Uncertainty is indeed a serious economic threat. But a command-and-control takeover of huge swaths of economy, that’s a threat to liberty.

UPDATE (Thursday, 3:50 p.m.): Charles Krauthammer:

A threat and an amazing admission. It admits how bad the law in the Senate [is] today — that is being held up on – cap-and-trade. [It] in and of itself is going to kill jobs.

But secondly, if you [Congress] don’t do that, we [the administration] will do something worse — impose the EPA regulations, which is cap without trade. There isn’t a market mechanism. You can’t sell or purchase a permit to emit CO2.

So it’s command and control, which is a polite way of saying Soviet control, meaning it’s all regulation … And it is an amazing admission, and it is a kind of blackmail. Either you do this in the Senate and pass a bill or we will do it unilaterally.

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EPA Endangerment Power Grab, the Reactions

The National Association of Manufacturers was cited in many news reports on the Environmental Protection Agency’s declaration Monday that greenhouse gases threaten the public health, triggering the EPA’s regulation of carbon dioxide as a pollutant. Some examples:

Wall Street Journal, “EPA Calls Greenhouse Gases a Public Threat“:

EPA action won’t do much to combat climate change, and “is certain to come at a huge cost to the economy,” said the National Association of Manufacturers, a trade group that stands as a proxy for U.S. industry.

USA Today, “EPA’s carbon dioxide emissions ruling could raise energy costs“:

Industry groups say EPA regulation would eventually drive up energy costs, lead to lost jobs and delays in project permits and construction. More immediately, “This adds more uncertainty and could impact how companies make decisions,” says Keith McCoy, vice president of the National Association of Manufacturers.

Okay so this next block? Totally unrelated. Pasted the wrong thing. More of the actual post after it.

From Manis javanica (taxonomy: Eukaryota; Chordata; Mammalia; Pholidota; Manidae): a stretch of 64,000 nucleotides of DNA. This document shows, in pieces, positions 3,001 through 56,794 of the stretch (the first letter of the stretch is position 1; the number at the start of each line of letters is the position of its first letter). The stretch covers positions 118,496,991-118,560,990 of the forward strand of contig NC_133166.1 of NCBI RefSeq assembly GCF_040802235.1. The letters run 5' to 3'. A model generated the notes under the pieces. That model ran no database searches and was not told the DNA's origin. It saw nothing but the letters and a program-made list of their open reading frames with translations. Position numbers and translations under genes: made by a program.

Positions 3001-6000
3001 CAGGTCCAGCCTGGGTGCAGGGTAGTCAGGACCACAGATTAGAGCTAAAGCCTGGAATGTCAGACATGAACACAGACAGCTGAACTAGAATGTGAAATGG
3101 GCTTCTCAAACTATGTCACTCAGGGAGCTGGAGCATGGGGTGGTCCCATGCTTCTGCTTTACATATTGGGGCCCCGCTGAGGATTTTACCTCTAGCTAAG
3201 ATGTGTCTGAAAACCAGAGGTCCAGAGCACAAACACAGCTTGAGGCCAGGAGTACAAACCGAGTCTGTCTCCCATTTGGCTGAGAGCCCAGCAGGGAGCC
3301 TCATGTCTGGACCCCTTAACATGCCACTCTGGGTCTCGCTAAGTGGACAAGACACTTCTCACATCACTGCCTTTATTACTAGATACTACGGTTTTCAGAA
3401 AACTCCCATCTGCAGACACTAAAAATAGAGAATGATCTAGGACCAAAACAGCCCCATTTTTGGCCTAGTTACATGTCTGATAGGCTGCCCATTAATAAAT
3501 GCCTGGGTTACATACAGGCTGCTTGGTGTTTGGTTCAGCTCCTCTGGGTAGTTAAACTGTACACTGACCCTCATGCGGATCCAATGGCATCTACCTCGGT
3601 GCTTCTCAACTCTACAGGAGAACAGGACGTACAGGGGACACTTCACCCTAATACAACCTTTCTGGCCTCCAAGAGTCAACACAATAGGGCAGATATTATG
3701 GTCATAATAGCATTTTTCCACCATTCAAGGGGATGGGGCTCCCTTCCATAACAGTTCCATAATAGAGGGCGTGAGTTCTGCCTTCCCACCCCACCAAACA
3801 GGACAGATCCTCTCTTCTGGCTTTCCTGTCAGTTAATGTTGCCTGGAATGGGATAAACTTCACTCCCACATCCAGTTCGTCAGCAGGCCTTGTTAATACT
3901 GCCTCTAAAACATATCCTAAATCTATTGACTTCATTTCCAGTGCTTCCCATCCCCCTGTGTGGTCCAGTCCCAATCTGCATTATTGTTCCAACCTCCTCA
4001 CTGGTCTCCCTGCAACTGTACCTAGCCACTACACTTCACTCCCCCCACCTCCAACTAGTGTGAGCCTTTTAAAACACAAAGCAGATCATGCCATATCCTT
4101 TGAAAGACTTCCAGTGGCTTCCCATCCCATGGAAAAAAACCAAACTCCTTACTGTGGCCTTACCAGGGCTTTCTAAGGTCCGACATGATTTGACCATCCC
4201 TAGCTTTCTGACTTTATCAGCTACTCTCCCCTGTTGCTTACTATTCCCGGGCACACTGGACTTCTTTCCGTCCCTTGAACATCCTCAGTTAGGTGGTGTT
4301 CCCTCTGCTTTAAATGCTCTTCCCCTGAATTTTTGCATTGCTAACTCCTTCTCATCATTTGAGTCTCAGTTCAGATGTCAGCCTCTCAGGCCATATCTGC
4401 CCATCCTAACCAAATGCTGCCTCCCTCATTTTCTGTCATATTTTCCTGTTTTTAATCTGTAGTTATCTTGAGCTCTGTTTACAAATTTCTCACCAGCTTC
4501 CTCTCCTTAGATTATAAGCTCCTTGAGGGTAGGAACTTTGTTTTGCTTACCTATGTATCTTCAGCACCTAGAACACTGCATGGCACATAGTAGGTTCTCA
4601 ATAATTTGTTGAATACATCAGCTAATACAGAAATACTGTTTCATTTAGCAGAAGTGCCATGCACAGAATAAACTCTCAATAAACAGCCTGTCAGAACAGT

ABC News, “EPA Determines Greenhouse Gases Harmful to People and Environment“:

“I’ve heard from every industry sector, I’ve heard from utilities, I’ve heard from large manufacturers, I’ve heard from small manufacturers. There is a significant concern from every single manufacturing sector out there,” said Keith McCoy, vice president of energy and resources policy at the National Association of Manufacturers.

Washington Times editorial, “Reckless ‘endangerment’ for breathing“:

The U.S. Chamber of Commerce warned that the ruling “could result in a top-down command-and-control regime that will choke off growth by adding new mandates to virtually every major construction and renovation project.” The National Association of Manufacturers likewise blasted the decision, and political and think-tank leaders warned of massive job losses because of it.

The NAM’s news release is here.

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The NAM Reacts to the EPA’s Endangerment Finding

Keith McCoy, vice president for Energy and Resources Policy, issued a statement on behalf of the National Association of Manufacturers in reaction to the Environmental Protection Agency’s announcement of an endangerment finding, “NAM Says EPA Endangerment Finding Will Hurt Manufacturers’ Competitiveness.” Excerpt: